<p>gardening can be so rewarding yet very challenging even to the green thumbers :) try starting with something that is easy to grow like lettuces or spinach, I'm in Australia, we are a very dry country, so I use our lawn clippings to mulch my gardens, &amp; I grow most things that we eat, including fruits :)</p>
<p>get sum of these </p><p>http://www.ebay.com/itm/281651969169?_trksid=p2055119.m1438.l2649&amp;ssPageName=STRK%3AMEBIDX%3AIT</p>
Home Depot...yes. While you're there, pick up a couple 4 ft. 2-bulb T5HO ceiling fixtures, wire them to an old 3-prong extension cord, and order the following flourescent tubes from Amazon or your local pet/aquarium store- 2 Wavepoint Ultra Growth Waves, 1 Wavepoint Super Blue 460, and 1 Wavepoint Coral Wave. A timer is nice, too if you don't want a 24 hr. light cycle. Now, you can grow anything you can find a container big enough for any time of year in the comfort of your living room.
I have found that in South Florida, with a paucity of sunlight, that these are the easiest to grow:<br><br>* pineapple<br>* sweet potatoes<br>* ginger<br>* avocado trees<br>* turmeric<br>* chives<br>* basil<br>* aloe vera<br><br>If you want to go with instant success, go with them. No fuss.<br><br>One word about Rosemary... Do not overwater!!<br><br>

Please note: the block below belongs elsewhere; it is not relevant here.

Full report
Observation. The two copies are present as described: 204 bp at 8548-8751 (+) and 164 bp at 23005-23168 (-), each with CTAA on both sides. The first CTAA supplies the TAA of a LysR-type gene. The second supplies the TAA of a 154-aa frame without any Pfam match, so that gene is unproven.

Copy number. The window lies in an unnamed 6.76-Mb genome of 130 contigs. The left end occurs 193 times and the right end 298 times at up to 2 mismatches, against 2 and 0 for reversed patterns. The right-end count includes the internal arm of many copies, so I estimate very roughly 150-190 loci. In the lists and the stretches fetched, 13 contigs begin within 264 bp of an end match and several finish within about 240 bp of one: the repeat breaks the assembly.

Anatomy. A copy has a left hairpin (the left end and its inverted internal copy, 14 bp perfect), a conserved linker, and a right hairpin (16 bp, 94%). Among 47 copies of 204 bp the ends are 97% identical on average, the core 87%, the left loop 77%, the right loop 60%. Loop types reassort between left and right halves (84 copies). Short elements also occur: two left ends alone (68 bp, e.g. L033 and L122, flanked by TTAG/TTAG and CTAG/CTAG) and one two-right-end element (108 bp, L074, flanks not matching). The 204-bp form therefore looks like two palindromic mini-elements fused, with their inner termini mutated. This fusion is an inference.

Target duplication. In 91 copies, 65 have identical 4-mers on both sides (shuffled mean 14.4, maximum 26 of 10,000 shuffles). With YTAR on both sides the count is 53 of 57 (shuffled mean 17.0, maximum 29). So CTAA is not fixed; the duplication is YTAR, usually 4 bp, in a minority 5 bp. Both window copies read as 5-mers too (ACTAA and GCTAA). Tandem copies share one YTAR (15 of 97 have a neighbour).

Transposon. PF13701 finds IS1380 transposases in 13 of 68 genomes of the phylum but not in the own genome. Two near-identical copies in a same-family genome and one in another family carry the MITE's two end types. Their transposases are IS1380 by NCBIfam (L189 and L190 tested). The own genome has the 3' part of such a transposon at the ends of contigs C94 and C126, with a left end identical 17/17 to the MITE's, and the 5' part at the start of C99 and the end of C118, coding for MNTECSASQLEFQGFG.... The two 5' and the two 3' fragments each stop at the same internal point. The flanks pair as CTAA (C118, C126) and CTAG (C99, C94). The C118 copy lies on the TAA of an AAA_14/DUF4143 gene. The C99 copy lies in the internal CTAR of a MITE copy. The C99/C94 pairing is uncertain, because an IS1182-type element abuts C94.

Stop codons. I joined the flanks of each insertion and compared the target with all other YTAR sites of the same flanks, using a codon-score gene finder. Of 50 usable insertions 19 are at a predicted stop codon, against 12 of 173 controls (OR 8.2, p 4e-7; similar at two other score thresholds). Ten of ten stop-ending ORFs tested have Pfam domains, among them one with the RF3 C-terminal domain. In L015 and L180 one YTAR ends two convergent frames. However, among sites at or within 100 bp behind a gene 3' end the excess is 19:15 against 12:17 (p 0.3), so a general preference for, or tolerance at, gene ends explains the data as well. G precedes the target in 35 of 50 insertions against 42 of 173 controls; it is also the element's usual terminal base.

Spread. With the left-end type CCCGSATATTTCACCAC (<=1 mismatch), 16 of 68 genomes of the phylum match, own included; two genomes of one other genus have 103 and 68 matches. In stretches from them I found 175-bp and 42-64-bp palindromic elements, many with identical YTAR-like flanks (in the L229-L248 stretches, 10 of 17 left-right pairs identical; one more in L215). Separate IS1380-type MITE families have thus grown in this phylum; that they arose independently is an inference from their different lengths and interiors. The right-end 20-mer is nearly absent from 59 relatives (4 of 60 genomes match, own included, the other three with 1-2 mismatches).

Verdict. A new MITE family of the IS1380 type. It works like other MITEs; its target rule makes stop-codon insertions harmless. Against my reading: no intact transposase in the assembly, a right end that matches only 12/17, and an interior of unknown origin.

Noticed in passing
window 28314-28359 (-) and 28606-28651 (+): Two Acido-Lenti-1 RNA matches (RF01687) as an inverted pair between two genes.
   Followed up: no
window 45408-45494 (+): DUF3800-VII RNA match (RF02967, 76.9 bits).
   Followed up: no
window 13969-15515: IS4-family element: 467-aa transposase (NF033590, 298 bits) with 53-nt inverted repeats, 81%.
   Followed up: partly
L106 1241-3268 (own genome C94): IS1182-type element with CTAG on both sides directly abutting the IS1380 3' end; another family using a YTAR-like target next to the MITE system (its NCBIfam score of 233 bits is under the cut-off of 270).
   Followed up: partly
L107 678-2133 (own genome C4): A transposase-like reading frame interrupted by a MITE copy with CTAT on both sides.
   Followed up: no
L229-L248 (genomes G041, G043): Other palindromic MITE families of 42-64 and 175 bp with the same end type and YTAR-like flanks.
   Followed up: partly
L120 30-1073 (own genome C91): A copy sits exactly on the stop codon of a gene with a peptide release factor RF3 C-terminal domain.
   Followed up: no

<p>Hey Wounded Ego: Can u tell me how to grow &quot;Ginger&quot;. I also live in South Florida, Boca Raton to be exact and grow just about everything. Now all u do, but some,like Pineapple, Potatoes(year Round),Basil,Aloe, its wild and bother some..If u ever want some let me know! I make great organic soil with all left over food scraps, and coffee grounds,etc.. Would like to get in touch and see ur garden...name is jack.</p>
I realize this is an old post I'm replying to, but I also live in an apartment and my management complains bitterly about anything that's not small flowers in decorative pots (so no brown clay pots). What I have done is set up an aquaponic system in my apartment. T5HO flourescent aquarium bulbs can be mixed to provide an optimal spectrum. I'm running 8 four-foot tubes in fixtures I bought from Home Depot. Lowes only has t8s as of yet. I'm running Wavepoint tubes-4 Ultra Growth Waves, 2 Super Blue 460's and 2 Coral Waves. I'm at about 400 w and cannot grow anything that doesn't like full sunlight unless I keep half of them turned off...but why? That means four fluorescents at 200 w should do you for most plants. Anyway, if you are interested, it really expands the number of plants you can have. What I'm growing in my living room is twice what I could have grown on my porch. I could share build instructions of you would like.